Celebrations—like birthdays, holidays, get-togethers, or other parties—can be difficult in sobriety since they often involve alcohol. Even though you’re there celebrating and having a good time, this can still trigger a desire to drink. Many people who struggle with their alcohol consumption and staying sober often consumed alcohol to celebrate in the past. Just because you are sober doesn’t mean these associations just disappear. Recovery will be full of beautiful and amazing times, but it can be hard, even in the good times. Studies have shown that being at a party can increase alcohol cravings. Triggers and cravings often come from social cues around us, so even if we’re experiencing something positive, it can lead us to want to drink.

Positive Events—Promotions, Getting Married, etc.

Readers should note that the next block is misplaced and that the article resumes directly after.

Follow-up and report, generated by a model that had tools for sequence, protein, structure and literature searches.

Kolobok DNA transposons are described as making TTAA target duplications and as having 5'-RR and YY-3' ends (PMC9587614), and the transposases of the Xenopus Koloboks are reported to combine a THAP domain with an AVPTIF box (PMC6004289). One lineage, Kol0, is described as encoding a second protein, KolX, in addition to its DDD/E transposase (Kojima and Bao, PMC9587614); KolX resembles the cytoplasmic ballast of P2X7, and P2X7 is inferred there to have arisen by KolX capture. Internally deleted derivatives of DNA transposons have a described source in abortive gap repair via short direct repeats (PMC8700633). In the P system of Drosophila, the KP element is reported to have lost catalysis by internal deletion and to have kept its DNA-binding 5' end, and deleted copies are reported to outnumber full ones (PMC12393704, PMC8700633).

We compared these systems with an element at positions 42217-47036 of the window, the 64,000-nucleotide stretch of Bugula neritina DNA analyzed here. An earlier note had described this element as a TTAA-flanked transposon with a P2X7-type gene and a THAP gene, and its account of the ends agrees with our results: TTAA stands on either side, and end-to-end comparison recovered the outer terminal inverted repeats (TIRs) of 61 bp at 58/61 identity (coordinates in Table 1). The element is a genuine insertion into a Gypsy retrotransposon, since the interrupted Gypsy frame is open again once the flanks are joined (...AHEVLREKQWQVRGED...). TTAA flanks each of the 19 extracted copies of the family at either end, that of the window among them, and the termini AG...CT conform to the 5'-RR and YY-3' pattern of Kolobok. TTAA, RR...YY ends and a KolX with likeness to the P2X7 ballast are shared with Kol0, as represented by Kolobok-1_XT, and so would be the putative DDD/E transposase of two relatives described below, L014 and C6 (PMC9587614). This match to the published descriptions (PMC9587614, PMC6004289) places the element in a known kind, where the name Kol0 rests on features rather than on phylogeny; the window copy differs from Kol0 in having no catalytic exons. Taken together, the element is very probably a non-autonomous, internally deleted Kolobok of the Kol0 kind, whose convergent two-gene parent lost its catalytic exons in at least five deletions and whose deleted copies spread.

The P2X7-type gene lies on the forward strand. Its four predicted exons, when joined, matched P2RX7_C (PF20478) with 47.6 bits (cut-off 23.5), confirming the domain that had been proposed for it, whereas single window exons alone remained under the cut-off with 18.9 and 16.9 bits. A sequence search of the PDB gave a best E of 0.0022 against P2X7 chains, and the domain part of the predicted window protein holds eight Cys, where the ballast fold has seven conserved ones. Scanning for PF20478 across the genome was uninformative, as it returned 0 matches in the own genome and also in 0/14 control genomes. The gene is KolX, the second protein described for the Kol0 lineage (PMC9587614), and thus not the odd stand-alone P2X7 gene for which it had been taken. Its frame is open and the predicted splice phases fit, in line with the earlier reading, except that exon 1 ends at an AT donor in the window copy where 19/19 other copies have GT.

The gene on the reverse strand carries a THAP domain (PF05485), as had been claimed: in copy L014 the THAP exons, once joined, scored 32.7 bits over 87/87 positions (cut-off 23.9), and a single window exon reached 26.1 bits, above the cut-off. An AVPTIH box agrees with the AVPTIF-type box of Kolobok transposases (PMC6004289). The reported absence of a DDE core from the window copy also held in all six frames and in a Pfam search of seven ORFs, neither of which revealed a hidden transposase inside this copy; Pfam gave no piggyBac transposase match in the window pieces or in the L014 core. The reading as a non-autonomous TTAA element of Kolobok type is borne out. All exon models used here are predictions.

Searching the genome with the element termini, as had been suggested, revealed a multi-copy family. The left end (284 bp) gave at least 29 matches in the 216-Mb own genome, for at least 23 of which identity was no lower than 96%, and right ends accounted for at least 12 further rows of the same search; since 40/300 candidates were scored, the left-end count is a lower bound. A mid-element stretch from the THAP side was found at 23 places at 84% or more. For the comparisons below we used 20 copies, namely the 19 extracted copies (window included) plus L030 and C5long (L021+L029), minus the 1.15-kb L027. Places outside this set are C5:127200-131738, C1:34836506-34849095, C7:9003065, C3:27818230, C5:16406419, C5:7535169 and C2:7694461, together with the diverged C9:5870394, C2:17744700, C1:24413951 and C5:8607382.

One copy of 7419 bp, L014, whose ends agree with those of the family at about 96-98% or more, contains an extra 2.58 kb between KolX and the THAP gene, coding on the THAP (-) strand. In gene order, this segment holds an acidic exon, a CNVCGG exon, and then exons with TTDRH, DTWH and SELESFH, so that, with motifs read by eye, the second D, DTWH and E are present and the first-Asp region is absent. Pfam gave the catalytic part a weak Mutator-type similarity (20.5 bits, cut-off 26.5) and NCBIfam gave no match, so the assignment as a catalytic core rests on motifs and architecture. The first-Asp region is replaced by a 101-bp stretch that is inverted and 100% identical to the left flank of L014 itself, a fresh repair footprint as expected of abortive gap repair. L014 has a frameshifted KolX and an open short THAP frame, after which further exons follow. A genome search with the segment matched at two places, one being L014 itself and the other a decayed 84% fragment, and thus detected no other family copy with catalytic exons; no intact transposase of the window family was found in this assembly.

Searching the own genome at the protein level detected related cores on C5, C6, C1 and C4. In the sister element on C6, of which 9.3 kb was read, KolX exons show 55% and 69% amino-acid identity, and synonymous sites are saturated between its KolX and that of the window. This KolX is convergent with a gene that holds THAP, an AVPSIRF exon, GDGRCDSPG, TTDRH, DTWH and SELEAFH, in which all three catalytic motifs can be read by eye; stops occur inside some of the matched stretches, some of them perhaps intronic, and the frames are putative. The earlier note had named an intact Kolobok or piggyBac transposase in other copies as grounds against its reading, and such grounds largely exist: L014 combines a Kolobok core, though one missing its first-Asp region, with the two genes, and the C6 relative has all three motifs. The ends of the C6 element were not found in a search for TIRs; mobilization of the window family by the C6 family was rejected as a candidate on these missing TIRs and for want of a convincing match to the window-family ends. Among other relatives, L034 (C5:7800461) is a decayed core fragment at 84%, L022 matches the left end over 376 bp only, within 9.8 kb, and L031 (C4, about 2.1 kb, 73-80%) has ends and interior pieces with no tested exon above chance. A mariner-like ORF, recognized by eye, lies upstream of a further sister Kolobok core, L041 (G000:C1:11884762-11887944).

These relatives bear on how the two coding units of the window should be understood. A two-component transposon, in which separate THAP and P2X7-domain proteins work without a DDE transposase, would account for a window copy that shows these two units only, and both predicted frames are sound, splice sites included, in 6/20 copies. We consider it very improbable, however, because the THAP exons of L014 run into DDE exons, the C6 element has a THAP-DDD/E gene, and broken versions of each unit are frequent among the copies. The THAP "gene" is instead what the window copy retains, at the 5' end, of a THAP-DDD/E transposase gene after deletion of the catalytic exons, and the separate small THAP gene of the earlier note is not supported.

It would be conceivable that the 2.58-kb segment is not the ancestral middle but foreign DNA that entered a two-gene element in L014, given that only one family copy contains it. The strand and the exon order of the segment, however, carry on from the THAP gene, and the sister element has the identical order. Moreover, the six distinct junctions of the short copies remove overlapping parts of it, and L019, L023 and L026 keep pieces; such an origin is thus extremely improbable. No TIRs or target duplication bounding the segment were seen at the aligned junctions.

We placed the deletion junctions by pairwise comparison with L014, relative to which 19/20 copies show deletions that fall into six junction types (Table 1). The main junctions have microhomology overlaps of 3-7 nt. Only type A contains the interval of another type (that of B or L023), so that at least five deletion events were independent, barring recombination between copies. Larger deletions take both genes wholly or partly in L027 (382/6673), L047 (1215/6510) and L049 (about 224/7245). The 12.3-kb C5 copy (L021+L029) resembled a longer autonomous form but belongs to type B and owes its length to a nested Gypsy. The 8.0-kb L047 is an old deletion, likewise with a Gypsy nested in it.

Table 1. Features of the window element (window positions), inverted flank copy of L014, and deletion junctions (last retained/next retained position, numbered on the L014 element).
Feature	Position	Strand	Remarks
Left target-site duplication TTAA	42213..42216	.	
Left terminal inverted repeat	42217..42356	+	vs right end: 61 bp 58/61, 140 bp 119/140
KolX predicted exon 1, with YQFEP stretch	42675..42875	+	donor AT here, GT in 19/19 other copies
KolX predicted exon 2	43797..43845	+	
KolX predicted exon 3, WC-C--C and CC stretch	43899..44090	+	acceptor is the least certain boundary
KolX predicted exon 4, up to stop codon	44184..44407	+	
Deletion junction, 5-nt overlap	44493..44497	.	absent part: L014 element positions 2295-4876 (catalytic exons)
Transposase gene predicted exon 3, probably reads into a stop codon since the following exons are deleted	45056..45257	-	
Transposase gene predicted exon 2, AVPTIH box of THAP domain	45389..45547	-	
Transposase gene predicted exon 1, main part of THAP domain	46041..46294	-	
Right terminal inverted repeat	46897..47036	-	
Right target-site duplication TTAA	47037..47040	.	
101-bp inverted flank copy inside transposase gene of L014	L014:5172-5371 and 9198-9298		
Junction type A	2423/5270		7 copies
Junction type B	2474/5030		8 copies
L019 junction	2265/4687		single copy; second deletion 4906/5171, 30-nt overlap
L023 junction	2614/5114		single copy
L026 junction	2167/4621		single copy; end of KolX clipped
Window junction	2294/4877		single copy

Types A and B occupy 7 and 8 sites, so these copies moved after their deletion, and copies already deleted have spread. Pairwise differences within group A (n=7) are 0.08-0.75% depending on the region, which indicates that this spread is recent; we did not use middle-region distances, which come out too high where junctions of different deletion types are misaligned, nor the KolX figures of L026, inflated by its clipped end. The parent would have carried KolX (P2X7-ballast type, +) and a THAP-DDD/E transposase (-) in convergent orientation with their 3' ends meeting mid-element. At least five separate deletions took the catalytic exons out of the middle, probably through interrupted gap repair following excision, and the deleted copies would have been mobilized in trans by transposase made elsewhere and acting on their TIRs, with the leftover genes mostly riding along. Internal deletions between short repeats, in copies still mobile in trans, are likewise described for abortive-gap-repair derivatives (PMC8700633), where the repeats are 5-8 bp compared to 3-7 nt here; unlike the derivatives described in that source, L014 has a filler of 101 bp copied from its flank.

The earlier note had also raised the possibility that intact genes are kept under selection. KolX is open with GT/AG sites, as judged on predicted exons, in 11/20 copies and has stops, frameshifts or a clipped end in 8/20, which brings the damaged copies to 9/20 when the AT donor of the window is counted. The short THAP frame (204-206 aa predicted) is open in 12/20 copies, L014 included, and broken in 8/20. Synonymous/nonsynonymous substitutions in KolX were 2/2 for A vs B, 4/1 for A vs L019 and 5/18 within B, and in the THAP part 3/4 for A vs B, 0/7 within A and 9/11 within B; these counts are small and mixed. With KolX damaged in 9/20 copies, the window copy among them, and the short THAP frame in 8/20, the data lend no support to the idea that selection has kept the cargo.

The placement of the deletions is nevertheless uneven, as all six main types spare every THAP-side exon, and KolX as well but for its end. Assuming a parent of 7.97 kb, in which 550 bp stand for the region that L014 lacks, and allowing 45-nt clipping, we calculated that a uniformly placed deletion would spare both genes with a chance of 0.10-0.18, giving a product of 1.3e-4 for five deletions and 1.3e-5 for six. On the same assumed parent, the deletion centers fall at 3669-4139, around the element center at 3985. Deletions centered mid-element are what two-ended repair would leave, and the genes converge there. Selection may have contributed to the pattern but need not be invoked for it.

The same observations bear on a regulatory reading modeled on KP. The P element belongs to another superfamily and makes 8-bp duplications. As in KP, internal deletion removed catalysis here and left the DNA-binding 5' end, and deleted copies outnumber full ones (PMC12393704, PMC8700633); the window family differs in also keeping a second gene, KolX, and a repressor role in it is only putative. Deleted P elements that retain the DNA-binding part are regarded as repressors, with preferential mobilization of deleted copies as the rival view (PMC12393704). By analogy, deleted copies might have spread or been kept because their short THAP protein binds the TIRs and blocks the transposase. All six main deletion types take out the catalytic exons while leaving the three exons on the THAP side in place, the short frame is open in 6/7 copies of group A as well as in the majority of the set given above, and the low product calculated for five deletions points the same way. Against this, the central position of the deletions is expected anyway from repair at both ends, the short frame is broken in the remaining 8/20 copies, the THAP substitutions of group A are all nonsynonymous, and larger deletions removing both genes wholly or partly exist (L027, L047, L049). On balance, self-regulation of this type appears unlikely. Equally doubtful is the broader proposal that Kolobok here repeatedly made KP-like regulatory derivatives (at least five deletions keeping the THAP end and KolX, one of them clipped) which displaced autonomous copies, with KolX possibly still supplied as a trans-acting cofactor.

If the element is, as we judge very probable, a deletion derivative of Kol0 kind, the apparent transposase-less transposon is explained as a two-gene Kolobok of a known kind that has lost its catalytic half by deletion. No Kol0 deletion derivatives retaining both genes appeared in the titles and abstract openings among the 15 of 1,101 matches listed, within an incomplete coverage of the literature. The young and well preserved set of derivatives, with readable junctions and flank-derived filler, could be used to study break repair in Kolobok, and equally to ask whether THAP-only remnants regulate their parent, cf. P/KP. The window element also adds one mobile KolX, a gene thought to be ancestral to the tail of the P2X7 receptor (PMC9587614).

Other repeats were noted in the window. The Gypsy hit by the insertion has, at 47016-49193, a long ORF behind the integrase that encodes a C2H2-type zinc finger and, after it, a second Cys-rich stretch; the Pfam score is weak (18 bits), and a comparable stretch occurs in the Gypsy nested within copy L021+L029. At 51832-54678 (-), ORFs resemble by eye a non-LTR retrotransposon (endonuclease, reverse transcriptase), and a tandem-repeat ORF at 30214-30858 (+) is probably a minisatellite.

Any positive event can cause you to feel triggers. It’s so common for people to experience something positive and to drink alcohol as a way to celebrate. When people receive promotions, they want to celebrate, which almost always includes drinking. When someone gets married, people expect everyone to drink alcohol. If you’re at someone else’s wedding especially, it’s very likely that alcohol will be involved. Even though this is a happy time, it can trigger various negative feelings, making it very difficult to maintain sobriety. Even if you’re the one getting married and there’s no alcohol at your event, it can still bring up the urge to drink. We often feel that we’re “supposed” to be doing something—such as drinking at our wedding—and we feel like we’re missing out if we are not doing what is expected. Additionally, alcohol-related stimuli are known to cause alcohol cravings. Simply being in an environment where alcohol is available or sometimes even just hearing glasses clink together can lead to alcohol cravings.